Dialogika

Pope John Paul II

Address to Members of the Jewish Central Council of Cologne

Gentlemen, dear Brothers:

  1. I am filled with joy and gratitude for the chance to meet you again during my second pastoral visit to the Federal Republic of Germany. This meeting provides me with an opportunity to make special reference to the fact that today there are still Jewish communities in this country. The Vatican guidelines for a correct depiction of Jews and Jewry in the sermons and catechism of the Catholic Church [1985], which I highly recommend to all Catholics, call to mind Jewish history, the Diaspora, a phenomenon that has allowed Israel to bear what has often been heroic testimony out into the entire world of its faith­fulness to the One God [see VI, 25]. As early as antiquity, the Jews brought this witness of their faithfulness up to the Rhineland and established a strong and fertile culture.

  2. My dear brothers, you are preserving a valuable historical and spiritual legacy in your communities today, and you continue to develop it. Furthermore, your communities are particularly significant in view of the attempt of the National Socialists in this country to exterminate the Jews and their culture. The existence of your communities is evidence of the fact that God, who is "the fountain of life" [Ps. 36:9], and whom the psalmist praises as "Lord, Father and Master of my life" [Sir. 23:1], does not allow the power of death to speak the last word. May the one benevolent and merciful Father of life watch over your communities and bless them, especially during the times you are assembled together to hear his holy word.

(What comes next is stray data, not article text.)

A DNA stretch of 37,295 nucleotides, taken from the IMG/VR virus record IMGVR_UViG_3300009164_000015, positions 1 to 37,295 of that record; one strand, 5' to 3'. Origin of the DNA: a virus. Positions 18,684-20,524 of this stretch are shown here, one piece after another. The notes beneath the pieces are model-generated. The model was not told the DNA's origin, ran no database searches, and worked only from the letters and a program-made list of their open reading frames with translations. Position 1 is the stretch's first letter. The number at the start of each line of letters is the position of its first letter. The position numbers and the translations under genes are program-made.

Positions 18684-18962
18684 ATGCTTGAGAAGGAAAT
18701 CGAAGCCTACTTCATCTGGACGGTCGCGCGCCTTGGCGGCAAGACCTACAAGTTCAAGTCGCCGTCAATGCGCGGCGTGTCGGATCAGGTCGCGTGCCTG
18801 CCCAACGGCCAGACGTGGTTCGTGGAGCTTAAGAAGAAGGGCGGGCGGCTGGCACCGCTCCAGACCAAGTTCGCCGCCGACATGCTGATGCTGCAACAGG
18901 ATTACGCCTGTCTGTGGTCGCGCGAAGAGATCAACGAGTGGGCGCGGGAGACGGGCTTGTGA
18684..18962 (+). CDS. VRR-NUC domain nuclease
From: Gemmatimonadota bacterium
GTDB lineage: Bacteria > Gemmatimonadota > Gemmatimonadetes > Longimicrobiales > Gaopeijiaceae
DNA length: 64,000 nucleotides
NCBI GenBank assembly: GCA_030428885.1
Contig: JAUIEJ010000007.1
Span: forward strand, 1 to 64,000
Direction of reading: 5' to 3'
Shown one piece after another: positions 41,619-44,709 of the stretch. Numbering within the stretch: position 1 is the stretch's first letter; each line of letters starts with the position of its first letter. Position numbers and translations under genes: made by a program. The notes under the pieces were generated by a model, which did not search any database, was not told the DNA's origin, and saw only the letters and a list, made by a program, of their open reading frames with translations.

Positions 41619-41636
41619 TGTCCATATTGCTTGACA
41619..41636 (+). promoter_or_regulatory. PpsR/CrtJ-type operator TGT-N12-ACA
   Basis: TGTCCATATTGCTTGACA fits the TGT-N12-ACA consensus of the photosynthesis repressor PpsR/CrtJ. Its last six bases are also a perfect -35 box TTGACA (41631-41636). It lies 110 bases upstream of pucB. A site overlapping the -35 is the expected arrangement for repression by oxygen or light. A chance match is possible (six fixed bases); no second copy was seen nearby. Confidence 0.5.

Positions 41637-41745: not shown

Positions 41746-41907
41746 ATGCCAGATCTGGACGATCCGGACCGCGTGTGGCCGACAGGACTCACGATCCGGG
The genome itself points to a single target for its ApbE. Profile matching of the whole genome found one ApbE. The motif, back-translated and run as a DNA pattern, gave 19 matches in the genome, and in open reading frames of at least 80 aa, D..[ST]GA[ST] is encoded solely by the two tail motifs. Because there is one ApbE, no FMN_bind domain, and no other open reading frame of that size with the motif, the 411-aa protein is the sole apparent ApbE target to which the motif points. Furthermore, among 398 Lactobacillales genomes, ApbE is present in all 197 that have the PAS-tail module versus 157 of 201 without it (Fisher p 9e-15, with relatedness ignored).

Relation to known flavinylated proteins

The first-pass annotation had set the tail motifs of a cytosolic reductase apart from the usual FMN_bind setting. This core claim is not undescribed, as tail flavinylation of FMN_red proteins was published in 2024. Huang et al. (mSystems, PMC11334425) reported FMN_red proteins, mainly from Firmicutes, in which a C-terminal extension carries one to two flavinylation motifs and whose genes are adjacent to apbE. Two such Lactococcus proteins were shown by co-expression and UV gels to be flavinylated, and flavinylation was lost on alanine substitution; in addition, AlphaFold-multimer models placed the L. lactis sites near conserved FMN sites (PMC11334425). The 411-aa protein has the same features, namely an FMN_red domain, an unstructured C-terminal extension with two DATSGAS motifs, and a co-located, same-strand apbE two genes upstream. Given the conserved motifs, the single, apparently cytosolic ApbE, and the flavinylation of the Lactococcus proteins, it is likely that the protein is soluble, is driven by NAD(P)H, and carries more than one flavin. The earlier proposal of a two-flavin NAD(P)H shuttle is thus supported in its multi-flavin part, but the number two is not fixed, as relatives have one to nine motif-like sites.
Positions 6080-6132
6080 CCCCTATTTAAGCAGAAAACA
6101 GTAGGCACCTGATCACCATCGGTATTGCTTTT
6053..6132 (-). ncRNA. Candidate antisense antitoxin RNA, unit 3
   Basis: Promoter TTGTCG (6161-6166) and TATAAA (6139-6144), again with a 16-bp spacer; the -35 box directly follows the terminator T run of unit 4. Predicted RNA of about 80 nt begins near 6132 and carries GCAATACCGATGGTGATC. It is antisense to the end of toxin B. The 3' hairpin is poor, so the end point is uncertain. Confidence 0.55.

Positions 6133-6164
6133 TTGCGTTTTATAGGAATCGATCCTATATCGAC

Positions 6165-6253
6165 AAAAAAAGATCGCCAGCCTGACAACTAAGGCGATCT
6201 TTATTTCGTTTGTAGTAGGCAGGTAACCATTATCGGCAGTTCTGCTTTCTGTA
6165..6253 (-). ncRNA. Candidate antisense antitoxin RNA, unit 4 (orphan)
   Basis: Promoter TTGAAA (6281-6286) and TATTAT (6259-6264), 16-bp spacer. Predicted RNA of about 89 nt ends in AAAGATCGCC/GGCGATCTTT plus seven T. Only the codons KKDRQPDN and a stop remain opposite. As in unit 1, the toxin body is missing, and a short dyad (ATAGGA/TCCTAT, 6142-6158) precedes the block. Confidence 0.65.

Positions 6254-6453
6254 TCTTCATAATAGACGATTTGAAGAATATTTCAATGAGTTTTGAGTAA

3. Today the Church is honoring a daughter of Israel who remained faithful, as a Jew, to the Jewish people, and, as a Catholic, to our crucified Lord Jesus Christ. Together with millions of fellow believers she endured humiliation and suffering culminating in the final brutal drama of extermination, the Shoah. In an act of heroic faith Edith Stein placed her life in the hands of a holy and just God, whose mysteries she had sought to understand better and to love throughout her entire life.

    May the day of her beatification be a day for all of us to join together in praising God, who has done marvelous works through his saints and exalted himself through the people of Israel. Let us pause in reverent silence to reflect on the terrible consequences which can arise from a denial of God and from collective racial hatred. In this connection we recall the suffering of many peoples in Europe in recent times, and we declare our commitment to a common effort on the part of all people of goodwill to establish a new "civilization of love" here in Europe, inspired by the highest Jewish and Christian ideals. At the same time we must speak out when necessary, not lose sight of our examples, and remain alert for all new forms of anti-Semitism, racism, and neo-pagan religious persecution. Such a joint effort would be the most precious gift Europe could give the world in its arduous effort to develop and attain justice.

  4. By virtue of the life she lived, the blessed Edith Stein reminds us all, Jews and Christians alike, of the call the Holy Scriptures: "You shall be holy because I am holy" [Lev. 11:45]. This summons to all of us also embraces a common responsibility to help build the "City of God," the city of God's peace. We spontaneously think of Jerusalem, the "City of Peace," of which the prophet Isaiah wrote: "Yes, the Lord shall comfort Zion and have pity on all her ruins; her deserts he shall make like Eden, her wasteland like the garden of the Lord; joy and gladness shall be found in her, thanksgiving and the sound of song" [Isa. 51:3]. With this hope for peace we entreat the Lord to show us the fullness of his merciful peace.